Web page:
Jenny Chan 陳詠欣
May 12, 2016

Watch: Coke on the breadth and limitations of marketing 'happiness'

Campaign Asia-Pacific talks to Coca-Cola's Shakir Moin (China VP and CMO) and Rodolfo Echeverria (VP of global creative, connections and digital) about the trigger for the brand's major strategic shift: millennials do not view 'happiness' as a lofty or idealistic concept anymore.

Campaign's takeaways:

  • The way Coca-Cola was marketed according to each variant in the past was not "optimal"; so the company hopes to now maximise reach by bringing all the variants under a single brand, though it will not address the issue of unhealthy ingredients in future advertising.
  • Despite replacing its 2009 'Open Happiness' campaign with 'Taste the Feeling' this January, Coca-Cola still considers itself "more of an expert in happiness" than rival Pepsi, intepreting it as having an optimistic and positive outlook "expressed in a tighter way via little moments in everyday life".
  • Some Cannes-awarded work, despite being tear-jerking and moving, is not related to the product. In Coke's book, work is not good if it could be undersigned by any brand, rendering it forgettable.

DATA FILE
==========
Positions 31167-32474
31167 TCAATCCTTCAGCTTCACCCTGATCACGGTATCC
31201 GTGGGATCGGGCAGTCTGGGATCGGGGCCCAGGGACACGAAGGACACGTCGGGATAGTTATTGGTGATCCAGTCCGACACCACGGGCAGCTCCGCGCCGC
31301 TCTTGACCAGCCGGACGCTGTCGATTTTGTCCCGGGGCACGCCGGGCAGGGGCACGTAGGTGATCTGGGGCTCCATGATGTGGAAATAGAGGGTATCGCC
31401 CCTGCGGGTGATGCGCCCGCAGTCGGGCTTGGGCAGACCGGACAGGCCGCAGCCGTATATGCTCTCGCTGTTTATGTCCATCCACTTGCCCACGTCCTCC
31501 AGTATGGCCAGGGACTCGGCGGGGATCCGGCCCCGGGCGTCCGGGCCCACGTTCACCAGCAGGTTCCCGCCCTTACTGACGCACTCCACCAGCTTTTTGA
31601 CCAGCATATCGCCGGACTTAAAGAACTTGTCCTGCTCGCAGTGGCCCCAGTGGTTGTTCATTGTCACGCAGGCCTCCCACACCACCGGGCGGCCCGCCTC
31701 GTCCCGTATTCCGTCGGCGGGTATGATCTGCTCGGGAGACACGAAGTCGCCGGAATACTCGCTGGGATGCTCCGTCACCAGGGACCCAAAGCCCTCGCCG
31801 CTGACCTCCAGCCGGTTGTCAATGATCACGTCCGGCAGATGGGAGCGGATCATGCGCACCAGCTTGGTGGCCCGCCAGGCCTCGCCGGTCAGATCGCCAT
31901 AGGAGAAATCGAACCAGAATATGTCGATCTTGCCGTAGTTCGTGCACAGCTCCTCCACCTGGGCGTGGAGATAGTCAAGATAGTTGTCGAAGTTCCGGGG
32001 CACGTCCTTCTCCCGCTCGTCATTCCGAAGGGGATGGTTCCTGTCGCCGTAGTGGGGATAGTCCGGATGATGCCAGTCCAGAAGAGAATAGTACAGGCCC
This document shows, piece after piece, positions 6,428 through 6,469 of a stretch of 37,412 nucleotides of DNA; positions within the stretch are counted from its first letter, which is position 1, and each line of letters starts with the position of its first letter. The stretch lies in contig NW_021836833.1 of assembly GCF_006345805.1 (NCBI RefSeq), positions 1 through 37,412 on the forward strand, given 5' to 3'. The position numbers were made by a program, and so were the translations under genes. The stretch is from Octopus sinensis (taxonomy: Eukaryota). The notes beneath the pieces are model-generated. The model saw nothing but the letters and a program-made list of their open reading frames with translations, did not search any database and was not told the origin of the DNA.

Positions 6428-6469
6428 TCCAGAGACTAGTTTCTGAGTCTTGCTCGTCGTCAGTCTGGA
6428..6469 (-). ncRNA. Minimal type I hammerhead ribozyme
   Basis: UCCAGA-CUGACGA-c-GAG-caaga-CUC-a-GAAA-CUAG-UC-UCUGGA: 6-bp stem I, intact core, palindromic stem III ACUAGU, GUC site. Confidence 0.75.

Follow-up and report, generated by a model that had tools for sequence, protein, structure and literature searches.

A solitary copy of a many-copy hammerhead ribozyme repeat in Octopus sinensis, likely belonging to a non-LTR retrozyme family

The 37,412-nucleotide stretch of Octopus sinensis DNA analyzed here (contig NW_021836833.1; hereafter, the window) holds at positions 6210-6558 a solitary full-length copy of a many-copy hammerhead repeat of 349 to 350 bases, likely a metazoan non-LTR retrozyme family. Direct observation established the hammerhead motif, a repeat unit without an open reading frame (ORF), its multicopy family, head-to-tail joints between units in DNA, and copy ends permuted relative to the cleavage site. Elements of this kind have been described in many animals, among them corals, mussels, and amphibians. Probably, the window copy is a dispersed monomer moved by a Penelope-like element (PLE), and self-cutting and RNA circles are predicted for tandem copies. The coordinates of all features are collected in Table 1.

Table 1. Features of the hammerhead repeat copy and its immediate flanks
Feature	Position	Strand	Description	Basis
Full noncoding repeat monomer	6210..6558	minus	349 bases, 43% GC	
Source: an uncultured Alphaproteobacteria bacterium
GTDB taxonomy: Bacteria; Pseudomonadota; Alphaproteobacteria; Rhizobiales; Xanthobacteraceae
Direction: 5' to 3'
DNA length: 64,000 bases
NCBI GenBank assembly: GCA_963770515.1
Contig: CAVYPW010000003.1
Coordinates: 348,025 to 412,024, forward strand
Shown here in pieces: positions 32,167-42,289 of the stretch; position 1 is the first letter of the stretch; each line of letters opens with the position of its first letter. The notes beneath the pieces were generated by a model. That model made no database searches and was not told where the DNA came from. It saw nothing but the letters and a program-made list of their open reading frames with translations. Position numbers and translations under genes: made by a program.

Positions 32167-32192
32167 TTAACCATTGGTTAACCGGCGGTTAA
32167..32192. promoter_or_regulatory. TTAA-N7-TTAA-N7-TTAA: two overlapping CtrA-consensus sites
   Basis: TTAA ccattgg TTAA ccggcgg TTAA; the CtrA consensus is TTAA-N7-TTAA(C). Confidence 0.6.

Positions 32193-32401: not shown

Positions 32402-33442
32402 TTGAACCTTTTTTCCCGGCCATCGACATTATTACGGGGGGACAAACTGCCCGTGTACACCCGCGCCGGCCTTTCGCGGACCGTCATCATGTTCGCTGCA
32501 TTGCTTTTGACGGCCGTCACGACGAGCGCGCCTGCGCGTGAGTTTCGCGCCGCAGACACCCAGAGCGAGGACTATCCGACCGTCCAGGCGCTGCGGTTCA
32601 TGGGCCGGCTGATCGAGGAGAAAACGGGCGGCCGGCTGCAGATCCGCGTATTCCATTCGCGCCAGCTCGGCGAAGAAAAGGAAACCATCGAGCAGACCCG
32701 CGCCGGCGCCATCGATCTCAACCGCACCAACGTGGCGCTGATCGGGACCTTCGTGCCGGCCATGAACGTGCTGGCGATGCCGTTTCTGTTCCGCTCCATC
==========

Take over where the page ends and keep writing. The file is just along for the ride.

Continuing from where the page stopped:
Related Articles

Just Published

12 hours ago

How to prepare for hybrid commerce: Chinese ...

As consumers seamlessly hop between physical and online, brands are expected to provide real-time stock information and personalised experiences across all of their touchpoints. But they must demonstrate a value exchange to consumers to collect the data they need.

12 hours ago

Data shows brands don’t need social media accounts ...

Data from a Jing Daily report shows that luxury brands no longer rely on their own social media accounts in China with more engagement relying on KOLs.

12 hours ago

Apple debuts 2022 Chinese New Year film (clear some ...

The company's offering for this year is a 23-minute epic—shot on iPhones—about the making of an epic film within the film, also shot on iPhones.

13 hours ago

How women’s health brands communicate on social ...

Female founders of women’s health brands say censorship makes it challenging to properly address women’s concerns.